Date of Award


Degree Name

Doctor of Philosophy


Electrical Engineering


Ricardo F. Von Borries


Microwave tomography(MT) allows the safe, non-intrusive examination of the internal structureof an object by irradiating it with microwave signals and measuring how they get attenuated and diffracted as they propagate through the object. Measurement of these signals is difficult and slow, it depends on the objectâ??s physical properties and the test setup used for this. MT is based on a scanning process that yields measurement data with unique characteristics that make it difficult to process using standard computational methods. As the number of measurements needed for an image with acceptable resolution increases, the complexity of processing all the data becomes overwhelming. Compressing sensing (CS) is a recent signal reconstruction technique based on numerical methods that can reconstruct an image accurately from a small number of sample measurements. This is the main motivation for applying CS to MT. However, there are several challenges to be solved in the practical application of CS to MT that have not been fully addressed, according to our literature review. These challenges are related to the non-Cartesian distribution of MTâ??s projection data, which does not allow the use of fast algorithms for efficient computation of transform operations; redundancy in the data produced by MTâ??s process, which makes it ill-conditioned system for CS algorithms; and inconsistencies in the data related to the type and sparsity of the original object image being examined. Additionally, the lack of experimental results related to the quality of image reconstruction makes it difficult to predict the performance of CS because this depends on the combination of the type of image and the measurement process of MT. This research explored the identified challenges and provides an approach to solving them. This required a detailed evaluation of the MT scanning process and characteristics of the sampling data produced by it. A procedure was developed to select from the MT measurement data a subset that can be used for image reconstruction using CS. Another procedure was developed to solve the challenge of numerical computation of transform operations needed for the CS algorithms. Computer simulations were used to verify the effectiveness of these procedures, and evaluations were made using actual measurement data from experimental MT setup, obtained from literature review. These evaluations provided an additional finding related to quality of reconstruction that could not be predicted from CS theory alone, regarding the relationship between the scanning process and data inconsistency from MT measurements. Finally, this research presents an approach to the application of CS to MT that addresses the identified challenges, and provides a framework towards future work towards achieving higher quality image reconstruction for MT.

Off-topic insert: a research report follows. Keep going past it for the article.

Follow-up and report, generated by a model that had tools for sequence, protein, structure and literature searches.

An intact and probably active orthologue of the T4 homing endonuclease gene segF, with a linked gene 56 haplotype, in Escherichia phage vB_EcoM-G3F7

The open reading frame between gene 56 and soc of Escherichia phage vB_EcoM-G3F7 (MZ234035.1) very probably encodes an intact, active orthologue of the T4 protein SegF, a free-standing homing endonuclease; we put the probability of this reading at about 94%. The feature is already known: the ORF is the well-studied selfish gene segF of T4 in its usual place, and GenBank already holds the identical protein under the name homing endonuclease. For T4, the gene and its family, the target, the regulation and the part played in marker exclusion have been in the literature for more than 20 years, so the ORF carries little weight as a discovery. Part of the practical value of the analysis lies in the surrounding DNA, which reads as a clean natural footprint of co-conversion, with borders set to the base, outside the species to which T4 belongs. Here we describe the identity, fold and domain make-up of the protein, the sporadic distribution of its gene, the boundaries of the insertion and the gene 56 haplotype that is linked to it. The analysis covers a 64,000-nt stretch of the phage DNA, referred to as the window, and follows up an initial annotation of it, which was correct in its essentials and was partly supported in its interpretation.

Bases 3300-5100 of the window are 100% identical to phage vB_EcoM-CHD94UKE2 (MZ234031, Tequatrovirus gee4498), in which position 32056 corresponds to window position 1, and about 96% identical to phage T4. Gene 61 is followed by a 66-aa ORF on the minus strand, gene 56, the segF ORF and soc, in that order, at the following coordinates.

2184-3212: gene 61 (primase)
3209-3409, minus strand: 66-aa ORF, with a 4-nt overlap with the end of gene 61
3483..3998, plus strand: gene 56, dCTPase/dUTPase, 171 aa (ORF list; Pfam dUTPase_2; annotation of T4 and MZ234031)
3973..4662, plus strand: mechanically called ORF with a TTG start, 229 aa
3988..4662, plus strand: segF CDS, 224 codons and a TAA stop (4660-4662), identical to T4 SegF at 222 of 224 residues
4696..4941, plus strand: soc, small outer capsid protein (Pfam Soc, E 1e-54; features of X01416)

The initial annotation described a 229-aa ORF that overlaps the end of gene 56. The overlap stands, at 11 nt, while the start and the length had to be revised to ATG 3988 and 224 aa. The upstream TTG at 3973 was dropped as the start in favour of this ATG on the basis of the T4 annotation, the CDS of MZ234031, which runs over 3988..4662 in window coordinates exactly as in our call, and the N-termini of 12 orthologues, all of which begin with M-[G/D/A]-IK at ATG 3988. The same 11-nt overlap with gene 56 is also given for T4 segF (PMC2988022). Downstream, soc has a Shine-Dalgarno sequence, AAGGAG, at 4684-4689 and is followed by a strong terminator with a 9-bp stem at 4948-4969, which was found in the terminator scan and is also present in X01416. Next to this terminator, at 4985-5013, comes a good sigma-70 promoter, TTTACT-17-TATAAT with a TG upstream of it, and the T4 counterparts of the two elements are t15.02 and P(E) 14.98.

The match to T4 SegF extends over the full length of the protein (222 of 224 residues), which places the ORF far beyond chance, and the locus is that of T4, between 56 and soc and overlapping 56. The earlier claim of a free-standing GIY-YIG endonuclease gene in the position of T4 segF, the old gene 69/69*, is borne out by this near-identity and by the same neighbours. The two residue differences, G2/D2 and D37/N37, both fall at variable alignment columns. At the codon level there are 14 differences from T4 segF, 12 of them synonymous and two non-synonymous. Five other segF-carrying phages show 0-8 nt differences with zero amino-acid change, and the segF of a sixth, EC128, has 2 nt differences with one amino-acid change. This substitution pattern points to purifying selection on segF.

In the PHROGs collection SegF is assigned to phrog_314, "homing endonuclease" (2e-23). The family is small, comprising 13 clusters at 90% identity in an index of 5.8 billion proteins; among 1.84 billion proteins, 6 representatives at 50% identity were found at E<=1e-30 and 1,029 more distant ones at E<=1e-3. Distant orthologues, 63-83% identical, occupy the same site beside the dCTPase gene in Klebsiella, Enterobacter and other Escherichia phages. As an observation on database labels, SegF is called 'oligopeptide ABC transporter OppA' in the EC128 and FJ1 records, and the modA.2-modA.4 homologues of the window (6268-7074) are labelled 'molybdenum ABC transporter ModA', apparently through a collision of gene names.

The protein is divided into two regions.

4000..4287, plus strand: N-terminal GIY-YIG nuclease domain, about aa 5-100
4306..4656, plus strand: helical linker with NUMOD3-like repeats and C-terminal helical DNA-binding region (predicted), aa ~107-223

Received from ProQuest

File Size

188 p.

File Format


Rights Holder

Rafael Gerardo Lopez